Almost a year after completion of accounts, Horse Sport Ireland this week finally released its annual report for 2015, and one that was full of surprises.

For a company employing 26 permanent staff and nine temporary administration staff, it finished the 2015 fiscal year with just €28,000 in cash reserves, despite receiving over €6m in income.

Income in 2015 was broken down as follows:
Department of Agriculture grants €1.8 million 

“Operational income” including fees for foal registrations and passports €1,690,000

•Irish Sports Council high performance and core grants €1,436,000

Expenditure in 2015 was as follows:

Breeding projects, initiatives, international marketing and operations (including staff costs) €3,455,000

IT, development, the HSI website and the CapallOIR database €168,000

International marketing €104,000

Marketing exhibitions €132,000

Individual projects:

Lanaken and Le Lion d’Angers €59,000

Genetic indexing/conservation €55,000

Mare inspections €45,000

Stallion inspections €55,000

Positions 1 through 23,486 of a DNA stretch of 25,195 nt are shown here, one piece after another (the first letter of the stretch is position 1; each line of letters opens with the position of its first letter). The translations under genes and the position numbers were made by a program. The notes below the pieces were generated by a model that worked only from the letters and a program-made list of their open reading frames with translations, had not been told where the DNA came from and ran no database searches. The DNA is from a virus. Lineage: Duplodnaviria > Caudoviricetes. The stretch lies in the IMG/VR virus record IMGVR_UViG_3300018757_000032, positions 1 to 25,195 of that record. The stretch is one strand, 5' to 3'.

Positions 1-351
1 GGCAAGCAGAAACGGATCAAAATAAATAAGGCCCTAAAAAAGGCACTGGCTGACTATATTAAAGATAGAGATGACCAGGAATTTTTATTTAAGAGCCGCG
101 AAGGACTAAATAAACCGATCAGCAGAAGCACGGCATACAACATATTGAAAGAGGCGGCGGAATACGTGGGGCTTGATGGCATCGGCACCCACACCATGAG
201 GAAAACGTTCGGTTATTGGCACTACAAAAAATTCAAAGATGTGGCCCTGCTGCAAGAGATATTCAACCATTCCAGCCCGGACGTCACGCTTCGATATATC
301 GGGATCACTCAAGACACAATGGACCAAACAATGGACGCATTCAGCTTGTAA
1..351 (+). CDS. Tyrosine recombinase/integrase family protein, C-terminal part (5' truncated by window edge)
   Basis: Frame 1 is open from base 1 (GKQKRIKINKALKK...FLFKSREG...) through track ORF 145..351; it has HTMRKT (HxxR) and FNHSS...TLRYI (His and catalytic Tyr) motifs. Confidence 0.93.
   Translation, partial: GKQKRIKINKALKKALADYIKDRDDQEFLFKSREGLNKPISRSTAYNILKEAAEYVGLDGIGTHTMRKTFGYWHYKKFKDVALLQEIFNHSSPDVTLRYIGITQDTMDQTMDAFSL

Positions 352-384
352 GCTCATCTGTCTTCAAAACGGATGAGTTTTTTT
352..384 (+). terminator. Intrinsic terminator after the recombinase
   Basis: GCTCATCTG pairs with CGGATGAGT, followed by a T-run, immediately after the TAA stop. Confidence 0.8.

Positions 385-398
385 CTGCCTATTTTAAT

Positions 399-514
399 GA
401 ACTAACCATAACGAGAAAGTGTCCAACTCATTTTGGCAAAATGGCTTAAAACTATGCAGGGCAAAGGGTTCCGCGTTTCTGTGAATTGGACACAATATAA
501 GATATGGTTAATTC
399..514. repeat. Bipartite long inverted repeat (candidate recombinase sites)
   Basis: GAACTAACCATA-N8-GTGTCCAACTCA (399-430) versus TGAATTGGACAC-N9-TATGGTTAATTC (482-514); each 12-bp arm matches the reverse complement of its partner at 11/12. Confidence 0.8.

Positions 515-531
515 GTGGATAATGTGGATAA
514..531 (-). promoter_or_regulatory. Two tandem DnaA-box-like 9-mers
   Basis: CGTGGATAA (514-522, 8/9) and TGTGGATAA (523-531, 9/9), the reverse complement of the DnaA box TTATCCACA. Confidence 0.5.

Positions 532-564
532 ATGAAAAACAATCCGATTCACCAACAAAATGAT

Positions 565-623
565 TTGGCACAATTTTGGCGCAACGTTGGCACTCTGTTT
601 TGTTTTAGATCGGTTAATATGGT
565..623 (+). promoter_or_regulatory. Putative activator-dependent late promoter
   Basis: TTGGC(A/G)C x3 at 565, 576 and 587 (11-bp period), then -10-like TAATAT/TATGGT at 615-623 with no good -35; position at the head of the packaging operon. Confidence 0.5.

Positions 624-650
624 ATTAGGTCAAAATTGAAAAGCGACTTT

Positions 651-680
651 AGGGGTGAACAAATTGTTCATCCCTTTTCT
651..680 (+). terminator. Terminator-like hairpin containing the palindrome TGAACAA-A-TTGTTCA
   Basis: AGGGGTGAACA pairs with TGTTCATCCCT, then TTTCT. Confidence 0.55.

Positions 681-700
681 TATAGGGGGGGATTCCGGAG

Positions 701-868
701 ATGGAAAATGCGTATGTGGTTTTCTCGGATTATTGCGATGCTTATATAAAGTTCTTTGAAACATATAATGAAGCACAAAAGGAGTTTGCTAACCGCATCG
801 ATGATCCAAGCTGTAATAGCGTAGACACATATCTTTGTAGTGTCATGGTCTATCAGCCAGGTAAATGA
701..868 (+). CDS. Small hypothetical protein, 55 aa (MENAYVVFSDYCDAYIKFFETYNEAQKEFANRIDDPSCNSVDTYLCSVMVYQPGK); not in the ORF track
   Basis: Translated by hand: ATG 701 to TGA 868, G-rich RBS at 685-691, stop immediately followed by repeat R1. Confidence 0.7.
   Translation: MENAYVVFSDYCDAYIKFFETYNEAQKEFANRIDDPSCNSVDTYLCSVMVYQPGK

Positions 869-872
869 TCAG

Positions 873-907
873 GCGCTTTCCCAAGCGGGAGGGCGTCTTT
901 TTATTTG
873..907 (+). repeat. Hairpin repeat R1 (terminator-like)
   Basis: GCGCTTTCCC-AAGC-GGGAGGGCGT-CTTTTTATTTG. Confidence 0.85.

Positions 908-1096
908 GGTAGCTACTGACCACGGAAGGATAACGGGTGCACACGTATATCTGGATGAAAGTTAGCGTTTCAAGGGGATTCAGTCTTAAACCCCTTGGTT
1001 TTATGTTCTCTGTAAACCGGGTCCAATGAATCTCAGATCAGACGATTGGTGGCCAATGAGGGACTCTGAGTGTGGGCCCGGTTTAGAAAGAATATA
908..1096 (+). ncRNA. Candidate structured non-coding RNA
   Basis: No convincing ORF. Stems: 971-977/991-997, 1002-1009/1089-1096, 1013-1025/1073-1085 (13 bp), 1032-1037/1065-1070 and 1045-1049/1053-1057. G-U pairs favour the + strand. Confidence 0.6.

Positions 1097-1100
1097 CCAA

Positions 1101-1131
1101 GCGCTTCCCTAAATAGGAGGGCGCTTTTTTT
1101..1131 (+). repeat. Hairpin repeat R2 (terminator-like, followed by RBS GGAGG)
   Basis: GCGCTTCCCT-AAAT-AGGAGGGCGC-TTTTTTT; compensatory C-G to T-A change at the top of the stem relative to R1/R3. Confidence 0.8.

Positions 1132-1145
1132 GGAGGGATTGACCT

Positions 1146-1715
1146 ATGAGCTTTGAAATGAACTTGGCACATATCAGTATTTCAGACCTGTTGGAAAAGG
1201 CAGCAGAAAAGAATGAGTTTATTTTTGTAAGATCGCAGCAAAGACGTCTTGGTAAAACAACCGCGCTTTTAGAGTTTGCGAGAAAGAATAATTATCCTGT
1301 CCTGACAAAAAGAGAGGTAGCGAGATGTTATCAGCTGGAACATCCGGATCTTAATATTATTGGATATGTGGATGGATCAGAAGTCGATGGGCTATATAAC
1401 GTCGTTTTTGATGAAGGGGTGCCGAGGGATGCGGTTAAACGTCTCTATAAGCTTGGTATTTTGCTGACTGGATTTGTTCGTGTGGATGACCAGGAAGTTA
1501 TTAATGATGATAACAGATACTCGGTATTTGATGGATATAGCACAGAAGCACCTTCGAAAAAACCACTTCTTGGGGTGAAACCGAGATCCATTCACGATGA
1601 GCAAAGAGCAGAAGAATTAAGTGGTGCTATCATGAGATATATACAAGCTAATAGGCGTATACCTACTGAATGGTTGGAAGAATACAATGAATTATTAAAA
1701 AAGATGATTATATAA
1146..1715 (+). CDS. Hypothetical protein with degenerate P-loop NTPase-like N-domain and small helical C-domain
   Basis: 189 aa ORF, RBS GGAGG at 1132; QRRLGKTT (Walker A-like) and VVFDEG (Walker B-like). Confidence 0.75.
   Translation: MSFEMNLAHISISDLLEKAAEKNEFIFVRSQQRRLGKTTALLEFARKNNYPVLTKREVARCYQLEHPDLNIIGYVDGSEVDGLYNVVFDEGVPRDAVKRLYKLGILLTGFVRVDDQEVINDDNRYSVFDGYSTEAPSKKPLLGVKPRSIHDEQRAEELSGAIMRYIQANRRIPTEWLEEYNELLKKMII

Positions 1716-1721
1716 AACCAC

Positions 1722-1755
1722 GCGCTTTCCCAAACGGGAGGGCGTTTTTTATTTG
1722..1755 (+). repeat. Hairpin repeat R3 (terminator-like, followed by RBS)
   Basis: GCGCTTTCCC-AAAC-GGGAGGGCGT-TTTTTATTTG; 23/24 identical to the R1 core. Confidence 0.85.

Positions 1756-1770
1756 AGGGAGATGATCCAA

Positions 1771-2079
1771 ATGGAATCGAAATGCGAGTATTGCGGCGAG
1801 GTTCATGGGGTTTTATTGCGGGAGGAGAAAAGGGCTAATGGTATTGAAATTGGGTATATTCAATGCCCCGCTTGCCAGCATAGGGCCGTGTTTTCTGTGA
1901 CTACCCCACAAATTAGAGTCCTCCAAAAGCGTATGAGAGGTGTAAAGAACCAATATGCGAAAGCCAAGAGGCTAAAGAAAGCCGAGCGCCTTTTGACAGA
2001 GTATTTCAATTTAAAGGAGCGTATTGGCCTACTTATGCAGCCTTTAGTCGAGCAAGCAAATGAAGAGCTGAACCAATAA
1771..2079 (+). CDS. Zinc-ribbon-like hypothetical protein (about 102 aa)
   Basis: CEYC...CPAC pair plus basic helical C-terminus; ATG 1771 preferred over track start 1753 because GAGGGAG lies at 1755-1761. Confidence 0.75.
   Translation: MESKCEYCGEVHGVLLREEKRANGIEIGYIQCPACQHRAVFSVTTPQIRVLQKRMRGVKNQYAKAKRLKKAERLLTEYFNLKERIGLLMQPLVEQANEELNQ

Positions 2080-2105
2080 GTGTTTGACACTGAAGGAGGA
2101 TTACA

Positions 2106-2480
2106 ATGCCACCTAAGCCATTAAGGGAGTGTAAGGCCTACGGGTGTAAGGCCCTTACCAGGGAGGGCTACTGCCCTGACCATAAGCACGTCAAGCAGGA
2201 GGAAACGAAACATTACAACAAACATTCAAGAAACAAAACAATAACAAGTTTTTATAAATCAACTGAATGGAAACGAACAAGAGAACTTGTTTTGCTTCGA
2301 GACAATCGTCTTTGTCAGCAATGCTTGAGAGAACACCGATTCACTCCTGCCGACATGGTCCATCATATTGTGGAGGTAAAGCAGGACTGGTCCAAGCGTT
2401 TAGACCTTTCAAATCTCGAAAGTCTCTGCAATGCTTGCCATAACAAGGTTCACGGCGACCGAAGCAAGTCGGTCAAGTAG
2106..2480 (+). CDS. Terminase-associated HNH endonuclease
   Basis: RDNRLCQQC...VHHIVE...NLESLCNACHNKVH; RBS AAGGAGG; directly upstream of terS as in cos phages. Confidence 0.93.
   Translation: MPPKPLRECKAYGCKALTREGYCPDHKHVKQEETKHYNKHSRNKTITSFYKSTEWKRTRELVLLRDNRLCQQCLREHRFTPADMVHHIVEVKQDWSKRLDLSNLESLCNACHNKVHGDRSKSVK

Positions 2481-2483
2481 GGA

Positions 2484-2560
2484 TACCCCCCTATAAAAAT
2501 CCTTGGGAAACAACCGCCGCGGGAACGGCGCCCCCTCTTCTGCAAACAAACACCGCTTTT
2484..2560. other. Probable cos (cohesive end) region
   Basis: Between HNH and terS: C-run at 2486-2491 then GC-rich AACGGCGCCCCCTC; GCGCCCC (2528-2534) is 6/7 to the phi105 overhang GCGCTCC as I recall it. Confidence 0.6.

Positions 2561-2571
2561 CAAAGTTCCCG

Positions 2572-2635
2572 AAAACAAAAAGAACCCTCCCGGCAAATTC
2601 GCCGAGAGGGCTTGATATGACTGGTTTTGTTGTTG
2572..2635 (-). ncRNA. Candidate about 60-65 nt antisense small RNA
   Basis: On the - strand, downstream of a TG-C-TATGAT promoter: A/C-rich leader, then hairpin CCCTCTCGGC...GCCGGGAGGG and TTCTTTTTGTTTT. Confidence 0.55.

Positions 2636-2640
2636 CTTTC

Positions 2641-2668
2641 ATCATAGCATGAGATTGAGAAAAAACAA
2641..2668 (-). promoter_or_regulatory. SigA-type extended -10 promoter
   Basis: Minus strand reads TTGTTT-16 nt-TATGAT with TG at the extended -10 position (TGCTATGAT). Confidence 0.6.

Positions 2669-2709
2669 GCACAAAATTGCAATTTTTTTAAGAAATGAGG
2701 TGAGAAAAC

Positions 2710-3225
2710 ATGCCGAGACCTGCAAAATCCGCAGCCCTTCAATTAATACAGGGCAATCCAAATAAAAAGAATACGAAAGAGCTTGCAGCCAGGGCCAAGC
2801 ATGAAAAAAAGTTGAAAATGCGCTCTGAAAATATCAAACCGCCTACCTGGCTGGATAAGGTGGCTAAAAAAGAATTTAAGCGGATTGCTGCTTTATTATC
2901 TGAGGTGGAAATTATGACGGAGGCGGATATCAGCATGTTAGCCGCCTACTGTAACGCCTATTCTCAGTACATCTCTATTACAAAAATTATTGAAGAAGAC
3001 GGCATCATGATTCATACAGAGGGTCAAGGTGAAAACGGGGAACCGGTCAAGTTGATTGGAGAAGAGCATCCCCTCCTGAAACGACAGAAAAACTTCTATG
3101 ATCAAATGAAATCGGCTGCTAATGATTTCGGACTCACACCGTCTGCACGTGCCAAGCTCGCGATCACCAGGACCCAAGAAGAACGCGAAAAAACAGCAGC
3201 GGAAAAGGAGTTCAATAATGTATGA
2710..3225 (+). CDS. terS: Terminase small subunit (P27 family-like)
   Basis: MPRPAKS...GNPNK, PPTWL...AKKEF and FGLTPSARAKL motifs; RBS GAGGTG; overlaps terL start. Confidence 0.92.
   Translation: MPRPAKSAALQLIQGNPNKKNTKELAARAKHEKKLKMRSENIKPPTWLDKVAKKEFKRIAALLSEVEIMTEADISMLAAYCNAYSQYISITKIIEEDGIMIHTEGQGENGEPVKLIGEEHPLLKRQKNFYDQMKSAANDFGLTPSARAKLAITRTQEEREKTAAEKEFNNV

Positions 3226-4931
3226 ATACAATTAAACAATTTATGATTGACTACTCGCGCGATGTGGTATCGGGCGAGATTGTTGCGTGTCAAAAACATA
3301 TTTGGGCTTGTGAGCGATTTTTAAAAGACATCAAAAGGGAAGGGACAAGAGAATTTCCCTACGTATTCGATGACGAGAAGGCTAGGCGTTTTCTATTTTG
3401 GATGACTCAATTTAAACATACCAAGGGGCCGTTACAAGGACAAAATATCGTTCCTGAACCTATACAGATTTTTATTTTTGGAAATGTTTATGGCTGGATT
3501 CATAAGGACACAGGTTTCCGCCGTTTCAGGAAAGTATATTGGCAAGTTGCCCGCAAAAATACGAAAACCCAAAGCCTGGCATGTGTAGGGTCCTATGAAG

Innovation Fund €97,000

Unspecified breeding initiatives €100,000

Sport programmes, high performance, Sport NI and operations €2,644,000

Furthermore, HSI’s total staff costs rose by more than €100,000 between 2014 and 2015, up from €1,501,908 in 2014 to €1,605,916 last year.

HSI meeting with Michael Creed TD, Minister for Agriculture, Food and the Marine
Horse Sport Ireland’s finance committee chairman James Kennedy

Horse Sport Ireland’s finance committee chairman James Kennedy told the Irish Field last week that the organisation intends to build its cash reserve from the meagre €28,000 it achieved last year to in excess of €610,000 over the next five years.

While not explaining why the 89 page annual report for 2015 was not published until November of 2016, HSI’s corporate affairs manager, Laura Skelton told The Field: “While the report is very comprehensive and detailed, it is being published later than we would like. We intend to prioritise resources to publish it earlier next year and/or to perhaps publish the financial results in advance of the full publication.”
Jack Burns